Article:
In 2014 there were 3,142 "county equivalents" as they are referred to by the Census Bureau and other government agencies. (In 2013, there were still 3,143 counties because Bedford City Virginia ended its independence in that year and some publications still report the higher figure.) County equivalents include parishes in Louisiana, independent cities (primarily in Virginia), the District of Columbia, and a few other administrative areas that are considered equivalent to counties by the U.S. government. Our analysis only has data for 3,140 counties in 2014, not 3,142, because the Hoonah-Angoon Census Area and Skagway Municipality were combined in 2000, but were separated in 2014. We recombine them in the map for 2014 so we can make comparisons (Map 4).6 Our number is reduced by one additional county because we combine Wrangell City & Borough and Petersburg Borough in Alaska, which were one county equivalent in 1990 and 2000. By combining them we can make comparisons with 1990.
We do not have data for 1990 for a few counties. In these cases we compare growth 2000 to 2014 on our growth map. This is the case for Skagway Municipality & Hoonah-Angoon Census Area, Alaska; Denali Borough, Alaska; and Yakutat City and Borough, Alaska.
Generally, counties do not change their borders, but from 1990 to 2014 there were some changes and our analysis tries to deal with them by creating as much continuity as possible to allow for comparisons. Broomfield County, Colo., did not exist in 1990 or 2000 because it did not become a county until 2001. In 1990 and 2000 it is part of other counties; in 2014, 9.2 percent of its population was immigrant and is shown accordingly on the 2014 map. In 1990 and 2000, Bedford City and Clifton Forge City were independent cities in Virginia and the Census Bureau reported information for them separately. By 2014, these independent cities had merged with their surrounding counties — Bedford with Bedford County and Clifton Forge with Allegheny County. However, in all three time-periods we report these cities with their counties to create continuity in the data and allow for a comparison 1990 to 2014.
1 As explained in our methods statement, figures exclude counties in which immigrants were less than 5 percent of the adult population in 2014. So, for example, an increase from 1 percent to 4 percent is a quadrupling, but because the population is still under 5 percent in 2014 it is not including in our count of counties that increased four-fold.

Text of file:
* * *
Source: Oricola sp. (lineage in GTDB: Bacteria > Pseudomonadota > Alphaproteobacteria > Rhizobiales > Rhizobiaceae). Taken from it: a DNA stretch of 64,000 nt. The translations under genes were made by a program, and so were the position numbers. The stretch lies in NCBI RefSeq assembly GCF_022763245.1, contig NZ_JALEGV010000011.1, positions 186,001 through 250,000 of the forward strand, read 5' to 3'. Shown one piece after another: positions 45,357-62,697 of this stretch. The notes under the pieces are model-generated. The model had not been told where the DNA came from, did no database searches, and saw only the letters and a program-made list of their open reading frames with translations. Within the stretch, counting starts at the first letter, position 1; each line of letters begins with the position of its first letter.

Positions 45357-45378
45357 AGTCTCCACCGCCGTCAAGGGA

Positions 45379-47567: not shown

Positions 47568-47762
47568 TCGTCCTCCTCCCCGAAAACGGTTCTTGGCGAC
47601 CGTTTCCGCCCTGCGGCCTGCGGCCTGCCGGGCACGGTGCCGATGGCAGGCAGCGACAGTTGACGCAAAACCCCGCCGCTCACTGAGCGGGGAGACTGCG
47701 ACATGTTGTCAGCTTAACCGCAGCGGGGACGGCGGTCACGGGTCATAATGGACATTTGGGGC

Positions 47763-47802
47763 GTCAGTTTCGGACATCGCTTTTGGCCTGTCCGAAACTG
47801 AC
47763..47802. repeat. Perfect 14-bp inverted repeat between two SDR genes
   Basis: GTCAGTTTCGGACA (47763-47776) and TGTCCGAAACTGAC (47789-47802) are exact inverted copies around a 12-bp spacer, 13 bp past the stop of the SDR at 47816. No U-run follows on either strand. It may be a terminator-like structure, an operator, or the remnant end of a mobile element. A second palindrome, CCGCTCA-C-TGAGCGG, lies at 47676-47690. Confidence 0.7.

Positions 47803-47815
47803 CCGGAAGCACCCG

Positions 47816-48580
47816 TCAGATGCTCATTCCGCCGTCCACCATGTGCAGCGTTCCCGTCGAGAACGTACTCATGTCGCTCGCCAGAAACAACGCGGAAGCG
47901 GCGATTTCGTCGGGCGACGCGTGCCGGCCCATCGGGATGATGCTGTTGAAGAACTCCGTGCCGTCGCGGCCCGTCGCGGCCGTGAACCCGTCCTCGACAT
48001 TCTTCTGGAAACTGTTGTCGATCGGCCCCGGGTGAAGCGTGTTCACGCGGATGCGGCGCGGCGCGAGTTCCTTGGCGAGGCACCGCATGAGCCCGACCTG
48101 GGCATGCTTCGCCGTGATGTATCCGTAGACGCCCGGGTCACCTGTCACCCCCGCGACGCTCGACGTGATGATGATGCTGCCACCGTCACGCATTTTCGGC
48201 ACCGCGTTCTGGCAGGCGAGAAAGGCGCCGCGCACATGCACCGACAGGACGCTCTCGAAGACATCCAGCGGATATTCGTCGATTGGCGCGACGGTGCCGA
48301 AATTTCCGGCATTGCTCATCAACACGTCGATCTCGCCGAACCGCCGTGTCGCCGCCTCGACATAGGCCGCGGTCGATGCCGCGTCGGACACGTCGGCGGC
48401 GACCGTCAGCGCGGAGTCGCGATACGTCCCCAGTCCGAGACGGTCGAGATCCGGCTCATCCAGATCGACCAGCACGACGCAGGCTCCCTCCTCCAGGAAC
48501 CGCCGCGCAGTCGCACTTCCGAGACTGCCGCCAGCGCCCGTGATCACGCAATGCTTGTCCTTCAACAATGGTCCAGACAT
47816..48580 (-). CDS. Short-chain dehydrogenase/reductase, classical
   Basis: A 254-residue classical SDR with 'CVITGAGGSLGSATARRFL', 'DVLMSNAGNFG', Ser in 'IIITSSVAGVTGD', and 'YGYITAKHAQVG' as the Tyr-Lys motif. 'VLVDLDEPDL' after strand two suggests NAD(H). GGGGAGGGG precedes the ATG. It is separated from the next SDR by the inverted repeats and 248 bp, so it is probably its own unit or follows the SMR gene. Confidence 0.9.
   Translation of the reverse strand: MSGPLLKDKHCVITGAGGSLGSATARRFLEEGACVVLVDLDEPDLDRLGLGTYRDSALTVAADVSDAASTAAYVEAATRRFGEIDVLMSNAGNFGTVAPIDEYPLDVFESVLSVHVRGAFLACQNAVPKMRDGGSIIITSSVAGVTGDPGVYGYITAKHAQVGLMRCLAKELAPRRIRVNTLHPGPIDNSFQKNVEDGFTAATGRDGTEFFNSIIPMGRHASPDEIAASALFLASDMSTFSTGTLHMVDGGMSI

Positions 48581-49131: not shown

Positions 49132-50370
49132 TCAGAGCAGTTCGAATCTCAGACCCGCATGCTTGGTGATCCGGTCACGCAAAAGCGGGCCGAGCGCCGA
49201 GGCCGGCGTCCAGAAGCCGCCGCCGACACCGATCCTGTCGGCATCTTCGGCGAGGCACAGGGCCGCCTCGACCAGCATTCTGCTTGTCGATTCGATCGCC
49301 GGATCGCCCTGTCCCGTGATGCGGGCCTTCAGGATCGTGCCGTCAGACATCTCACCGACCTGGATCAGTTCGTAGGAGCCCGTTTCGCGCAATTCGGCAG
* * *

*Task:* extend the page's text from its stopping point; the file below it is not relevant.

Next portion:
2 We were not able to obtain data for 1990 from FactFinder. The immigrant population data comes from tables made on the Data Ferret website from the 1990 Summary File 3. We were not able to obtain information by country for each county in 1990. We were able to use the public-use file of the 1990 Census to generate the top three sending countries for 402 counties in 1990.
3 The first category is under 5 percent, with rounding to the hundredths place. So, for example, all counties where adult immigrants are 4.94 percent of the population or less are in the bottom category; those counties that are 4.95 percent to 9.94 percent are in the second category; those that are 9.95 to 14.94 percent are in the third category; and so on. The last category is those counties in which the immigrant population is 19.95 percent or more.
4 As in the other maps, values are rounded based on the hundredths place. So, for example, 49.4 percent growth is rounded down to 49 percent, while 49.5 percent growth is rounded up to 50 percent.
5 There were 18 counties in 1990 with zero immigrants, so it is not possible to calculate growth in those counties from 1990 to 2014. But in all but one of these cases, immigrants are still less than 5 percent of the adult population in 2014 and so they are in the bottom category in our growth map. The one exception is Daggett County, Utah. Although zero in 1990, the immigrant population was relatively large by 2014. We include this county in our growth map by measuring growth in the immigrant adult share of the population from 3.5 percent in 2000 to 8.1 percent in 2014.
The Center for Immigration Studies is an independent, non-partisan, non-profit research organization founded in 1985.
It is the nation's only think tank devoted exclusively to research and policy analysis of the economic, social, demographic,
fiscal, and other impacts of immigration on the United States.